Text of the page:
Incidentally, another class of fibers exists, known as PBO fibers, marketed by the Japanese company Toyobo. The trade name for this fiber is Zylon, and while it is known to be very effective ballistically and lightweight, Zylon vests have given rise to concerns regarding how well they retain their ballistic integrity over time. Since these issues are broader than the scope of this article, Zylon will not be discussed here.
Early vests were woven, in a process similar to other fabrics, then multiple layers of fabric were sandwiched together to form vest panels. To raise the stopping power of these early vests, more layers were added. Of course, that made them heavier and hotter.
Current technology is different. Instead of a weave pattern, the fibers are laid out in parallel fashion. Think of a bunch of pencils laying side by side on a table, so that their long sides are touching all along their length, like the construction of a wooden raft made of logs. The second layer of fibers is laid atop the first layer, with the fibers running at right angles to those in the first layer. The next layer is also laid at right angles to the second layer, and so on. While simplistically put, this image conveys the idea of a more effective fiber arrangement.
When a projectile strikes ballistic fabric, it is important that the energy be able to flow away from the point of impact in order to dissipate the energy over a larger area. The faster the energy can flow away from the point of impact, the more the energy is spread across a larger area; thus less energy is deposited into the impact point, and less "shock" energy is transmitted through the fabric to cause backface deformation against the underlying tissue.
Backface deformation, an indentation on the wearer's side of the armor, is what causes blunt trauma, or the heavy bruising of the wearer. Weaving the fibers is less effective at energy dissipation than the previously described layering. When one weaves fibers into a sheet of ballistic fabric, the points where the fibers cross each other form something akin to energy roadblocks. Energy will flow past these junctions, but will be slowed along the way.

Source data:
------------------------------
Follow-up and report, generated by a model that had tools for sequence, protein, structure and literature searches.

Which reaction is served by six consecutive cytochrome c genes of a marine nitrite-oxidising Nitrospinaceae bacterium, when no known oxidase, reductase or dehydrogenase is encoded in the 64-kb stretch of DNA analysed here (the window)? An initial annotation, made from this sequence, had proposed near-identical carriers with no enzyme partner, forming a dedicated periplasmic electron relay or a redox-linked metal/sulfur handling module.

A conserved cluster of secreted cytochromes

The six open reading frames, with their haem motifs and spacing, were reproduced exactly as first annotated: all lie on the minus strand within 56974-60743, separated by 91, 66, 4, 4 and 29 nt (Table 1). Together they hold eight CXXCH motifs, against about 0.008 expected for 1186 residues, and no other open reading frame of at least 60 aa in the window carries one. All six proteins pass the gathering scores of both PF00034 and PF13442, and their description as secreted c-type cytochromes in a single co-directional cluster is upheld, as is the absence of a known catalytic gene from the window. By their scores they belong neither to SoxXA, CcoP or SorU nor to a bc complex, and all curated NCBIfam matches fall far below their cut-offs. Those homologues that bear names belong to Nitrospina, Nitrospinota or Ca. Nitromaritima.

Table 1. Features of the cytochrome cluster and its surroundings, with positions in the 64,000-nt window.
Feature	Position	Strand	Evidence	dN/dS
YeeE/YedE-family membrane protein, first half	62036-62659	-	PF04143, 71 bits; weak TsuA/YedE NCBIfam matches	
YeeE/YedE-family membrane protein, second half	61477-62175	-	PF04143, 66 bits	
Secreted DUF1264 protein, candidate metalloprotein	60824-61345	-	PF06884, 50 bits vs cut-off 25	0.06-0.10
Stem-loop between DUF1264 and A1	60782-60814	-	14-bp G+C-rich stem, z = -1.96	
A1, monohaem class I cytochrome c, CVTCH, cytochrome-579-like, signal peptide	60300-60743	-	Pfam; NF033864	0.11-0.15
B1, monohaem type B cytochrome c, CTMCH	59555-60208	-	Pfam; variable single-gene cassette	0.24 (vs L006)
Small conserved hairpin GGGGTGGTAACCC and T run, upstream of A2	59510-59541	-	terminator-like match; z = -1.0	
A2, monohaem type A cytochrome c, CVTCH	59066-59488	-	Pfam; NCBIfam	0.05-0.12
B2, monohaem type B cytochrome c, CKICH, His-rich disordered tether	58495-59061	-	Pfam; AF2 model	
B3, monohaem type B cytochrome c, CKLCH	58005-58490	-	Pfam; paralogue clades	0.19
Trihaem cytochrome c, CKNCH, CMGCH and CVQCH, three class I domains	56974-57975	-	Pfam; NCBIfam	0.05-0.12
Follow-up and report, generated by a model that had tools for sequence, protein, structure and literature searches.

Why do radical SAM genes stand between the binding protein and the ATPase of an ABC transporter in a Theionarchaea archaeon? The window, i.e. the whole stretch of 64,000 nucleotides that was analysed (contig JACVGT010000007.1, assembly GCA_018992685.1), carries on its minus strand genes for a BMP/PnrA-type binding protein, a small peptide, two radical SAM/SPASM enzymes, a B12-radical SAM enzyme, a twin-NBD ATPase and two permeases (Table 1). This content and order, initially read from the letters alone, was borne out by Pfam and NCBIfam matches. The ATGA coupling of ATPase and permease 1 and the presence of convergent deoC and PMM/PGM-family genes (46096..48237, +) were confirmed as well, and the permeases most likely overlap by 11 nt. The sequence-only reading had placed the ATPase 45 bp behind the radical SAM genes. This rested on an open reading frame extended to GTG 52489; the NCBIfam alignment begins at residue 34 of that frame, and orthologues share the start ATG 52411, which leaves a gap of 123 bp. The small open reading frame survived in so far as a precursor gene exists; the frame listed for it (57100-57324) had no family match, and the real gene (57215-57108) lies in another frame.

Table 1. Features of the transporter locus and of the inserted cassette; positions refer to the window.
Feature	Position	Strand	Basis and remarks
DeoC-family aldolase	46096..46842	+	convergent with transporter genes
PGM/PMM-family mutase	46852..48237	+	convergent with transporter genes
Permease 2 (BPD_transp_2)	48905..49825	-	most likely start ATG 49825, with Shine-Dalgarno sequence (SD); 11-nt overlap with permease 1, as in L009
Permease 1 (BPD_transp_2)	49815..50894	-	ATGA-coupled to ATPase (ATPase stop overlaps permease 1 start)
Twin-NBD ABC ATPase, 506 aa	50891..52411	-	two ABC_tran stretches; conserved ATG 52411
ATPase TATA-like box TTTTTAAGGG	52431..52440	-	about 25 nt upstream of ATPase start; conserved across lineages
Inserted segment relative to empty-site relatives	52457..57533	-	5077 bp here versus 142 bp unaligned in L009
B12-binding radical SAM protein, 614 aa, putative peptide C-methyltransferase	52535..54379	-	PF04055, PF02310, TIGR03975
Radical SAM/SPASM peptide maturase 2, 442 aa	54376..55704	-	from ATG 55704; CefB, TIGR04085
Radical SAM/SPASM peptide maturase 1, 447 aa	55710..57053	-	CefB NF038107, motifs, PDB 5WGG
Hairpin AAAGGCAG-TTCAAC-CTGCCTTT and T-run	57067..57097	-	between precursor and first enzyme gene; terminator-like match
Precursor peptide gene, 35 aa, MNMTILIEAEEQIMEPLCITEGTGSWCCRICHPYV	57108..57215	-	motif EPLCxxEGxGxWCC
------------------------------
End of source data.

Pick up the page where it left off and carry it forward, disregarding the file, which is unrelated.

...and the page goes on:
On the other hand, when the fibers are laid parallel to each other, the energy is allowed to flow unimpeded, and therefore more quickly and efficiently, away from the impact point. Less trapped energy near the impact site means less energy moving forward into the panels and into the body. Ergo, less injury.
This change in assembly techniques also increased the effectiveness of the fabrics at stopping rounds, since there is an energy dissipation benefit in that regard as well. One of the primary benefits of this evolution is increased capability at stopping multiple hits.
Corrections versus Patrol
In the corrections environment, protection against bullets is not the problem, instead, protection from slashing, cutting and stabbing is. Many vests intended for street law enforcement are just not suitable for work in a correctional setting. While ballistic panels offer some protection, an ice pick or similar instrument can sometimes penetrate them.
Enter armor specially designed for corrections officers. Frequently worn over the uniform as an outer garment, this armor is often thicker. Additionally, the actual construction of the panels is different. The yarns or filaments in the fiber are finer, so they are smaller and more densely packed. This helps to reduce the likelihood that a shank or an ice pick will penetrate. One option for corrections officers is a multi-threat vest, designed for both projectile resistance as well as correctional threats.
Vests Wear Out
Ballistic fibers can gradually lose their effectiveness and efficiency over time, especially if they are routinely exposed to heat and moisture, as they are when worn daily (especially in hot climates). Vests have a life expectancy of five years or so. Check manufacturer's recommendations. That doesn't mean that they suddenly "switch off" their effectiveness when they expire, but the expiration date is the date specified by the manufacturer as the last date that they expect the vest to still be within specifications taking into account normal wear and tear.